Institute of High Performance Computing


Powerding Discoveries!



Material Science & Engineering (MSE)


Functional Materials


We are studying different functional materials that can be used for the fabrication of fuel cells. Solid Oxide Fuel Cells (SOFC) are electrochemical devices which directly convert chemical energy to electricity with very high efficiency (see Figure 1). However, the performance and stability of a SOFC are critically dependent on the activity and structural stability of various cell components such as the electrolyte, anode, cathode and interconnects. Lanthanum chromite-based perovskite oxides have been investigated as interconnects for high-temperature SOFCs and power stations due to the high stability against oxidizing and reducing environment and good electrical conductivity. In order to enhance the performance of LaCrO3 for such high temperature applications, optimization of the electrical conductivity of LaCrO3 is required.

Substitution on the A and B sites with alkali earth and transition metal elements modifies the electronic structure of the oxides and shows interesting catalytic properties. For example, doping a small amount of divalent cation Sr2+ (about 0.1%) in place of La3+ will significantly reduce the optical gap of LaCrO3, suggesting an increase of electrical conductivity as well. The main objective of our work is to optimize the electrical conductivity and to understand the mechanism of improvement in electrical conductivity of LaCrO3 by screening all Group IIa elements, M2+ (Be, Mg, Ca, Sr, Ba, Ra) as a substitution dopant to the La site in LaCrO3 (see Figure 2). We have applied molecular modeling to shorten the candidate list so that more focused experiments may be carried out efficiently.

Another area that we are interested in is multiferroics. They are materials that are both ferroelectric and magnetic. They are rare because in most ferroelectrics such as BaTiO3, the ferroelectricity is driven by a hybridisation of empty d orbitals with occupied p orbitals of the octahedrally coordinated oxygen ions. The mechanism requires empty d orbitals and thus cannot lead to multiferroic behaviour. This is the so-called “d0 ness” criterion.

However, “d0 ness” does not rule out other possible ways of achieving multiferroics in the magnetic perovskite oxides and related materials. For examples, the multiferroic property of the widely studied BiFeO3 is achieved by making use of the stereochemical activity of the lone pair on the large (A-site) cation to provide the ferroelectricity, while keeping the small (B-site) cation magnetic.

A second route to multiferroism is provided by ‘geometrically driven’ ferroelectricity, which is compatible with the coexistence of magnetism; the anti-ferromagnetic ferroelectrics YMnO3 and BaNiF4 fall into this class. The recent success of ferromagnetism in diluted magnetic semiconductors (DMS) or dilute magnetic oxide (DMO), also provides a another potential way for multiferroics by introducing dilute concentrations of magnetic species to ferroelectric oxide, thereby harnessing the benefits of a magnetic response without significantly affecting the ferroelectricity of the non-magnetic host.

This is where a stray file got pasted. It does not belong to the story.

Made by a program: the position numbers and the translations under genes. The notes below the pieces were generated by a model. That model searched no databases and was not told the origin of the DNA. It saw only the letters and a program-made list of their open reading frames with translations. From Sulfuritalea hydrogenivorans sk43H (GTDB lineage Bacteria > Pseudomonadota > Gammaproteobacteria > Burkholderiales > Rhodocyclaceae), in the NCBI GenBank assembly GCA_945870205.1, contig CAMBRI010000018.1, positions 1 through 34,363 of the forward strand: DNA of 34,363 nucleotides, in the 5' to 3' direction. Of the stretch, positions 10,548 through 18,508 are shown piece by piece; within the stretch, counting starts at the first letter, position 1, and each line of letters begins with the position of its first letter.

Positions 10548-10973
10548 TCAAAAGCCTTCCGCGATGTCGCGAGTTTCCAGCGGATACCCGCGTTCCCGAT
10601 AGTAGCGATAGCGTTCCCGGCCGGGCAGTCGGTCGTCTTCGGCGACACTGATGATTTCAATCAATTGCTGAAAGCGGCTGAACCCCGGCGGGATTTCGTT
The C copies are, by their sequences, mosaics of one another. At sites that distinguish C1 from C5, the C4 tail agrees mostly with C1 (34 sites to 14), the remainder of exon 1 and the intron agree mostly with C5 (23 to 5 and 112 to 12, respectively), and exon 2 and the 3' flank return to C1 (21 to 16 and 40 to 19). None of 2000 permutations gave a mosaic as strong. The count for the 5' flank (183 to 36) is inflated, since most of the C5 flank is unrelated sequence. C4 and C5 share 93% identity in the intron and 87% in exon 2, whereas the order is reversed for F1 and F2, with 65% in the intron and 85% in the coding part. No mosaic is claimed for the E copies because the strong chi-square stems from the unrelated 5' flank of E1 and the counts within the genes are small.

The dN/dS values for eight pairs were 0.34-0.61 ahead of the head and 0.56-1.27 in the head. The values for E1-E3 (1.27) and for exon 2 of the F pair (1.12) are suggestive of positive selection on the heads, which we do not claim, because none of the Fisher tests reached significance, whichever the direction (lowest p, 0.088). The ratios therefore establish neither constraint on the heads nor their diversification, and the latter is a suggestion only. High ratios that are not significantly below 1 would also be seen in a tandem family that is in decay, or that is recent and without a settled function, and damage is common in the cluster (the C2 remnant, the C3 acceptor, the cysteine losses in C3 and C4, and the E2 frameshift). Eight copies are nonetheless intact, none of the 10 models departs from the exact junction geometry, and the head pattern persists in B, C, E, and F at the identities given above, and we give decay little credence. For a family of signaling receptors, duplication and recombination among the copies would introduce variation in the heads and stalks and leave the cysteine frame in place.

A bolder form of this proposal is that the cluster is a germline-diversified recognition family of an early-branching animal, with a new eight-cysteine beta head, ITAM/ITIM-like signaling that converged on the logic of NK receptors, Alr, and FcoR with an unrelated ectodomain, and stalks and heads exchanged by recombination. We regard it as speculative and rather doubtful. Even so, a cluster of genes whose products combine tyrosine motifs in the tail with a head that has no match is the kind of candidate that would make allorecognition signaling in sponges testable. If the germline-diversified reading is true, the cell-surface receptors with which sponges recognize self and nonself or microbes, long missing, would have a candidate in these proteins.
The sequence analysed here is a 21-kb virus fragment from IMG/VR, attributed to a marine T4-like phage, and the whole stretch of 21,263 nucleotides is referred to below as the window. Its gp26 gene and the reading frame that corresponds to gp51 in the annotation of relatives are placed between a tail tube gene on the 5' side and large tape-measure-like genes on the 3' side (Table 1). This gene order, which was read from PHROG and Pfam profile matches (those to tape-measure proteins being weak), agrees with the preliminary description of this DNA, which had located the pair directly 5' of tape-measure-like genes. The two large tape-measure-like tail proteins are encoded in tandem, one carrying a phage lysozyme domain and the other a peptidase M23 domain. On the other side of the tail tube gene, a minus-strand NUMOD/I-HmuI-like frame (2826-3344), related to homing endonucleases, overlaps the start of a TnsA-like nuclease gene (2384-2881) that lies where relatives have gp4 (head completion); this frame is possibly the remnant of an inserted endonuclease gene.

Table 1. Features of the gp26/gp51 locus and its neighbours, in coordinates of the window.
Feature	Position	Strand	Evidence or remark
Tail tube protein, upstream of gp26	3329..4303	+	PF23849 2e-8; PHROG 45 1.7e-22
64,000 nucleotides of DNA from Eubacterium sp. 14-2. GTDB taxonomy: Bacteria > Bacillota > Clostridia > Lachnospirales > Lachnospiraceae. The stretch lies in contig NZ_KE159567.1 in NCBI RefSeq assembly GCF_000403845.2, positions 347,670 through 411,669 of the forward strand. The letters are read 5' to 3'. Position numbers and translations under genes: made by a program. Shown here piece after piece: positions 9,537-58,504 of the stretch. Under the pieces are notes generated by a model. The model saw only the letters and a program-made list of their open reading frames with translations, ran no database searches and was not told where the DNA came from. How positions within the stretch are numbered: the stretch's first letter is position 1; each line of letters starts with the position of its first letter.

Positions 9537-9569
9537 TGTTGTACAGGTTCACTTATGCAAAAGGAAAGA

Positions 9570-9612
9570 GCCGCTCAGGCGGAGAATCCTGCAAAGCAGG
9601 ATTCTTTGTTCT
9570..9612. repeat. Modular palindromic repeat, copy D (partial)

The quest for multiferroic material by doping magnetic species in ferroelectric material, for example BaTiO3 crystals, requires first a thorough understanding of the nature (charge state, local symmetry, and electronic structure) of the defects/impurities present in these materials, and of ferromagnetic and ferroelectric coupling as well as their interaction with light. To this end, IHPC has initiated a series of first principles calculations in cooperation with NTU as the experimental partner. Most of work focused on the role of oxygen vacancy in mediating orbital and spin order.

Representative Publications

Ong K. P., Wu P., Liu L. and Jiang S.P. “Optimization of electrical conductivity of LaCrO3 through doping: A combined study of molecular modeling and experiment” Appl. Phys. Lett. 90, 044109 (2007). DOI: 10.1063/1.2431780

Ong, K.P., P. Blaha, and P. Wu, “Origin of the light green color and electronic ground state of LaCrO3”. Phys. Rev. B, 77, 073102 (2008). DOI: 10.1103/PhysRevB.77.073102

Jiang S.P., Liu L., Ong K.P., Wu P., Li J. and Pu J. “Electrical conductivity and performance of doped LaCrO3 perovskite oxides for solid oxide fuel cells” Journal of Power Sources 176, 82 (2008). DOI: 10.1016/j.jpowsour.2007.10.053

Zhang Z., Wu P., Ong K.P., Lu L. and Shu C. “Electronic properties of A-site substituted lead zirconate titanate: Density functional calculations” Phys. Rev. B 76, 125102 (2007). DOI: 10.1103/PhysRevB.76.125102

Zhang, Z., P. Wu, L. Lu, and C. Shu, Defect and electronic structures of acceptor substituted lead titanate. Appl. Phys. Lett., 92, 112909 (2008) DOI: 10.1063/1.2898212

Ong K.P., Bai K.W., Blaha P. and Wu P. “Electronic structure and optical properties of AFeO(2) (A = Ag, Cu) within GGA calculations” Chem. Mater. 19, 634 (2007). DOI: 10.1021/cm062481c

Fig.1 Structure of one Solid Oxide Fuel Cell

Fig.2 Crystal structure of La1-x MxCrO3-x/2 (M=Ca, Sr, Ba)


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This page is last updated at: 26-MAY-2009